keywords = "Basal forebrain, Cortical arousal, Electroencephalogram, Low voltage fast activity, Slow wave, Unit recording, Urethane-anesthetized rat",
author = "L. D{\'e}t{\'a}ri and Rasmusson, {Douglas D.} and Kazue Semba",
year = "1997",
month = "6",
day = "6",
doi = "10.1016/S0006-8993(97)00252-7",
language = "English",
volume = "759",
pages = "112--121",
journal = "Brain Research",
issn = "0006-8993",
publisher = "Elsevier",
number = "1",

}

TY - JOUR

T1 - Phasic relationship between the activity of basal forebrain neurons and cortical EEG in urethane-anesthetized rat

AU - Détári, L.

AU - Rasmusson, Douglas D.

AU - Semba, Kazue

PY - 1997/6/6

Y1 - 1997/6/6

N2 - Previous studies have shown that a large number of neurons in the basal forebrain have higher firing rates when the cortical electroencephalogram (EEG) is characterized by low-voltage fast activity compared to states characterized by slow waves. A smaller number of cells with increased discharge rates during slow waves have also been observed. This putative ascending effect is thought to be tonic, but no attempt has been made to analyze a closer temporal correlation between the activity of basal forebrain neurons and the cortical EEG. Recordings were made from single units in the basal forebrain concurrently with the cortical EEG in urethane-anesthetized rats. A total of 52 neurons consistently showed higher firing during low- voltage fast activity (F-cells), whereas 14 neurons were consistently more active during cortical slow waves (S-cells). In most of the F- (90%) and S- cells (86%) the change in firing rate occurred prior to the change in the EEG. The average delay was 300-400 ms. At a deep level of anesthesia, the EEG was characterized by an alternation of flat periods and large waves. Most F- cells became active near the start of the first large wave, which is known to correspond to the onset of depolarization of cortical pyramidal neurons. In contrast, most S-cells were less active during the large waves. These data show that the activity of basal forebrain neurons is phasically correlated with the EEG in addition to the tonic correlation that has been demonstrated previously. Both types of basal forebrain neurons change their firing rate prior to the change in cortical EEG, suggesting that the basal forebrain neurons may have a regulatory influence on the EEG.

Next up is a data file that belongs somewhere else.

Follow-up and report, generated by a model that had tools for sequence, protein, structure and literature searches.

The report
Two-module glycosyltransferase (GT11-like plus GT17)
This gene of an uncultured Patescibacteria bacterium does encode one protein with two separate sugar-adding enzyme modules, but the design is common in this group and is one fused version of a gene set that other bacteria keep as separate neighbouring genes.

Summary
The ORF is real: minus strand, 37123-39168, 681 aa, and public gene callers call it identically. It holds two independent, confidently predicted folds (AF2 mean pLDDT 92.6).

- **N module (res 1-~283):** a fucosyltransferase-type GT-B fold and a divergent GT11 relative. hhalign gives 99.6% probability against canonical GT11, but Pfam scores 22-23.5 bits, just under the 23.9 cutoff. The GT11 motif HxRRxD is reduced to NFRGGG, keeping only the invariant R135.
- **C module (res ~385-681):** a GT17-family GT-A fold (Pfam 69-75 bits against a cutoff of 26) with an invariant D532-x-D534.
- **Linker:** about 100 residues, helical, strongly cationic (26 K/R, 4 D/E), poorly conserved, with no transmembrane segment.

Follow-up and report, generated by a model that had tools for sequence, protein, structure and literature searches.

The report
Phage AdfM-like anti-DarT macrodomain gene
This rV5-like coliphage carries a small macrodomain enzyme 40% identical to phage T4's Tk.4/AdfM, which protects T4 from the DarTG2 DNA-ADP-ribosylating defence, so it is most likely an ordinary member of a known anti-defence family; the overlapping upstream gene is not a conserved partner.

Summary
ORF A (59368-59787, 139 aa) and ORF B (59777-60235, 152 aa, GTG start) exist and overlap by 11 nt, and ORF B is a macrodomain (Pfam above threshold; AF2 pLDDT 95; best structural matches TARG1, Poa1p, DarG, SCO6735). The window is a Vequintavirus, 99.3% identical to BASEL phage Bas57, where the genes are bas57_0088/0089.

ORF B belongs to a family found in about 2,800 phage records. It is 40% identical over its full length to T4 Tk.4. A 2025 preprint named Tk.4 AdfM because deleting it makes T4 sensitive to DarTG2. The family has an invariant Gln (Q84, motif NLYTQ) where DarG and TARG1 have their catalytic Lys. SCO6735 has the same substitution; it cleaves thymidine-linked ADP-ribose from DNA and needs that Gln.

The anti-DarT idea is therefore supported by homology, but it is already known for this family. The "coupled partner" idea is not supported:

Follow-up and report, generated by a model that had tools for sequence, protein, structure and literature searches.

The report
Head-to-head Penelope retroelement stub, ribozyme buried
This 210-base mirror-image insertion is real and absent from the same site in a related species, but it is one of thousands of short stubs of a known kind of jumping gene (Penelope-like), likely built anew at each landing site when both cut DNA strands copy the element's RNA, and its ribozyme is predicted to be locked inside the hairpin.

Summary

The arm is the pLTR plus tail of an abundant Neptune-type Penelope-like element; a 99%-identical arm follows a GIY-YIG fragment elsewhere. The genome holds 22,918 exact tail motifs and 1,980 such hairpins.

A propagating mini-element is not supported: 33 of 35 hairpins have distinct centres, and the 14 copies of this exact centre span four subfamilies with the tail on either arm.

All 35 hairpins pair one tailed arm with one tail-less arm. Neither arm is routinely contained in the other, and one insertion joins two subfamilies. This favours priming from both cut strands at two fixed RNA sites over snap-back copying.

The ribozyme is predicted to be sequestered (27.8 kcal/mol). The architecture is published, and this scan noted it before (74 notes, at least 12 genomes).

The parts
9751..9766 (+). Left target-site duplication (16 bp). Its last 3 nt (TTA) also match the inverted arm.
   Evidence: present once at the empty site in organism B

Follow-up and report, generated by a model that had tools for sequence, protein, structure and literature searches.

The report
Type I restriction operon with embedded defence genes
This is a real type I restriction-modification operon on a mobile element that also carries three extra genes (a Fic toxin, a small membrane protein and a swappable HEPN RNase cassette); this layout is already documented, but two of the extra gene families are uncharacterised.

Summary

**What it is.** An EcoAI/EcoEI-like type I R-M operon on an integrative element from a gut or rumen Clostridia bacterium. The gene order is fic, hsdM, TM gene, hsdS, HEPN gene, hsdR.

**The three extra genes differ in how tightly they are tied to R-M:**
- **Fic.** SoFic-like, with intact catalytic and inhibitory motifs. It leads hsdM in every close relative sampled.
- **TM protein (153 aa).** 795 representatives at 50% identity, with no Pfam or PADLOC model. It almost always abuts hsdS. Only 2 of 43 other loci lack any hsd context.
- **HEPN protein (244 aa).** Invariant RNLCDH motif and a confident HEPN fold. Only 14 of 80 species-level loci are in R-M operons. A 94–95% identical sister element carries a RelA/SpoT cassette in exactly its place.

AB - Previous studies have shown that a large number of neurons in the basal forebrain have higher firing rates when the cortical electroencephalogram (EEG) is characterized by low-voltage fast activity compared to states characterized by slow waves. A smaller number of cells with increased discharge rates during slow waves have also been observed. This putative ascending effect is thought to be tonic, but no attempt has been made to analyze a closer temporal correlation between the activity of basal forebrain neurons and the cortical EEG. Recordings were made from single units in the basal forebrain concurrently with the cortical EEG in urethane-anesthetized rats. A total of 52 neurons consistently showed higher firing during low- voltage fast activity (F-cells), whereas 14 neurons were consistently more active during cortical slow waves (S-cells). In most of the F- (90%) and S- cells (86%) the change in firing rate occurred prior to the change in the EEG. The average delay was 300-400 ms. At a deep level of anesthesia, the EEG was characterized by an alternation of flat periods and large waves. Most F- cells became active near the start of the first large wave, which is known to correspond to the onset of depolarization of cortical pyramidal neurons. In contrast, most S-cells were less active during the large waves. These data show that the activity of basal forebrain neurons is phasically correlated with the EEG in addition to the tonic correlation that has been demonstrated previously. Both types of basal forebrain neurons change their firing rate prior to the change in cortical EEG, suggesting that the basal forebrain neurons may have a regulatory influence on the EEG.

KW - Basal forebrain

KW - Cortical arousal

KW - Electroencephalogram

KW - Low voltage fast activity

KW - Slow wave

KW - Unit recording

KW - Urethane-anesthetized rat

UR - http://www.scopus.com/inward/record.url?scp=0342437558&partnerID=8YFLogxK

UR - http://www.scopus.com/inward/citedby.url?scp=0342437558&partnerID=8YFLogxK

U2 - 10.1016/S0006-8993(97)00252-7

DO - 10.1016/S0006-8993(97)00252-7

M3 - Article

VL - 759

SP - 112

EP - 121

JO - Brain Research

JF - Brain Research

SN - 0006-8993

IS - 1

ER -